McDonald’s Dominates the Battle of the Burger in Israel, Rival Contends

In a lawsuit it later withdrew, Israeli chain Burger Ranch cited figures showing the U.S. fast-food giant has a lock on the Israeli market

The sign outside a McDonald's restaurant in Pennsylvania, United States, on June 25, 2019.
Gene J. Puskar,AP

Is McDonald’s the hamburger chain that ate Israel?

That’s what Burger Ranch, the local No. 2 chain, was claiming in a lawsuit seeking to block the U.S. fast-food giant from getting the coveted franchise for Ben-Gurion International Airport.

Burger Ranch withdrew its appeal against McDonald’s and the Israel Airports Authority after the court signaled that it stood little chance of success because it was filed after the competitive bidding for the contract was completed.

But an opinion filed by David Gilo, the former antitrust commissioner retained by Burger Ranch to help with its case, paints a picture of a fast-food burger market controlled overwhelmingly by McDonald’s to the detriment of competition and to consumers.

McDonald’s said in its application for the Ben-Gurion franchise that it operated 186 restaurants across Israel and expected the number to grow to about 200 by 2020. It expects to have 920 million shekels ($262 million at current exchange rates) in turnover this year.

A source knowledgeable about McDonald’s operations says its sales grew 60% in the last three years, about half of that from increased sales in existing restaurants.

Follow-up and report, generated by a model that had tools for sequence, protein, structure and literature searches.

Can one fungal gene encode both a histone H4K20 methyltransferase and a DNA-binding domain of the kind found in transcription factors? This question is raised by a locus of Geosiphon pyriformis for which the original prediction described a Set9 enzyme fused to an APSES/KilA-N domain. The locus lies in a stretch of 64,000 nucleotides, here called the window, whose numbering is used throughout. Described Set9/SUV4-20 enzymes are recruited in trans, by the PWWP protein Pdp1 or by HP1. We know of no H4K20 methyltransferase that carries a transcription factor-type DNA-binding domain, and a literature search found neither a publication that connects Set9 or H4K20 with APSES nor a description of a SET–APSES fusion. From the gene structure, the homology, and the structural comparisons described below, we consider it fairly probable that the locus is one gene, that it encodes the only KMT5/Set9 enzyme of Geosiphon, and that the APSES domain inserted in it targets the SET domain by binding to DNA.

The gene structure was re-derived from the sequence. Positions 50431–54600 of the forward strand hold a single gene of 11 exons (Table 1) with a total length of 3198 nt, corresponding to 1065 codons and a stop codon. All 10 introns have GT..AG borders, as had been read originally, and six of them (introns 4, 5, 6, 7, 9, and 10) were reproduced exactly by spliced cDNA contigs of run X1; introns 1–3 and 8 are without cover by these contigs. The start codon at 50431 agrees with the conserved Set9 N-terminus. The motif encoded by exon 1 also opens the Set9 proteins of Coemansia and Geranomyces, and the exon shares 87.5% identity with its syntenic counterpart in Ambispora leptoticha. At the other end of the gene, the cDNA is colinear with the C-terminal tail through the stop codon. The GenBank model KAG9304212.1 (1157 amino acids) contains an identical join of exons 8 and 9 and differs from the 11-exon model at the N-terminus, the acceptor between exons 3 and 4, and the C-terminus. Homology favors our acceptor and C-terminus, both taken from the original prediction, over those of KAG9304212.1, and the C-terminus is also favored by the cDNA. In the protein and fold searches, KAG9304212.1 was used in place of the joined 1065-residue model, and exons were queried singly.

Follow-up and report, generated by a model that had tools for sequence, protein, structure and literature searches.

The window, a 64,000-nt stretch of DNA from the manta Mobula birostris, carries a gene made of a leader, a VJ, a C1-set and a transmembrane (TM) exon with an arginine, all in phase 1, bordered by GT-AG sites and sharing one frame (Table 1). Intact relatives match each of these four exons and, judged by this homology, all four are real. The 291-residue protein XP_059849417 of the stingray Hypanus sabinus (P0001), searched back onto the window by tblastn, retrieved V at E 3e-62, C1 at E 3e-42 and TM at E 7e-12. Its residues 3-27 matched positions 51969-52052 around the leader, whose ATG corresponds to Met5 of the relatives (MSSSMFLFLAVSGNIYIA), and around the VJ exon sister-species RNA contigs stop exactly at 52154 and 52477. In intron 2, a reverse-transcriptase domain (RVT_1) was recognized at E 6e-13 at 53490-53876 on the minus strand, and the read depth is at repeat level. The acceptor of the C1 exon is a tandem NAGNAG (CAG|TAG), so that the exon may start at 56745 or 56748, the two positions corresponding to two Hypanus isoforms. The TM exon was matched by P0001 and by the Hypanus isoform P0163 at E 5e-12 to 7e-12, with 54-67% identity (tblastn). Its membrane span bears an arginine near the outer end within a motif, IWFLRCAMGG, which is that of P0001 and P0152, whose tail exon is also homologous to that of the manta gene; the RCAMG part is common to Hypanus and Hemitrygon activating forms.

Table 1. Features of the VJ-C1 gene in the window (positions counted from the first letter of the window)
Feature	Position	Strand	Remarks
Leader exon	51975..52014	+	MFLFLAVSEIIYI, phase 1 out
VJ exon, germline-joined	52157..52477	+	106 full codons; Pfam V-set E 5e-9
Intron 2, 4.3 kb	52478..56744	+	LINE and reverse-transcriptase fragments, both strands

Even before it lost the Ben-Gurion franchise, which accounted for a quarter of its turnover, Burger Ranch was distant second to McDonald’s, with just 14.5% of the market in terms of sales last year. It had 57 restaurants with combined sales of 140 million shekels.

The other major contender, Burger King, has just 3%. After giving up on the market six years earlier, Burger King returned to Israel in 2015 with plans to open 50 restaurants in five years. Today it has just seven, with 2018 sales of just 30 million shekels.

Gilo said his analysis showed that McDonald’s, whose local franchisee is Omri Padan, has a lock hold not only on the nationwide market for fast-food burgers but also for scores of local markets within Israel.

Nationwide, McDonald’s accounts for 82.5% of fast-food hamburger sales, according to Gilo’s figures. That is up from an Antitrust Authority figure of 51% in 2003.

Big Mac Attack: The Israeli fast food hamburger market
Israel Antitrust Authority/ David Gilo's estimates

In 117 local markets, as measured by Gilo, McDonald’s are the only fast-food burgers available and in another 165 local markets it operates more than half the restaurants. Gilo says 122 McDonald’s restaurants around Israel offer the only fast-food burger in a particular shopping mall.

“McDonald’s market share has been steadily growing, and much of that is directly related to pushing competitors out of enclosed malls and strip malls,” Gilo said in his report. McDonald’s declined to comment for the record to queries from TheMarker.

Gilo’s calculations assume that fast-food burgers are a discrete market. He doesn’t include casual-dining burger restaurants such as Susu & Sons, Agadir and Moses. He argues that their prices are much higher and they offer table service and a wider menu.

However, Tamir Ben-Shahar, CEO of the market research firm Czamanski & Ben Shahar, doesn’t agree.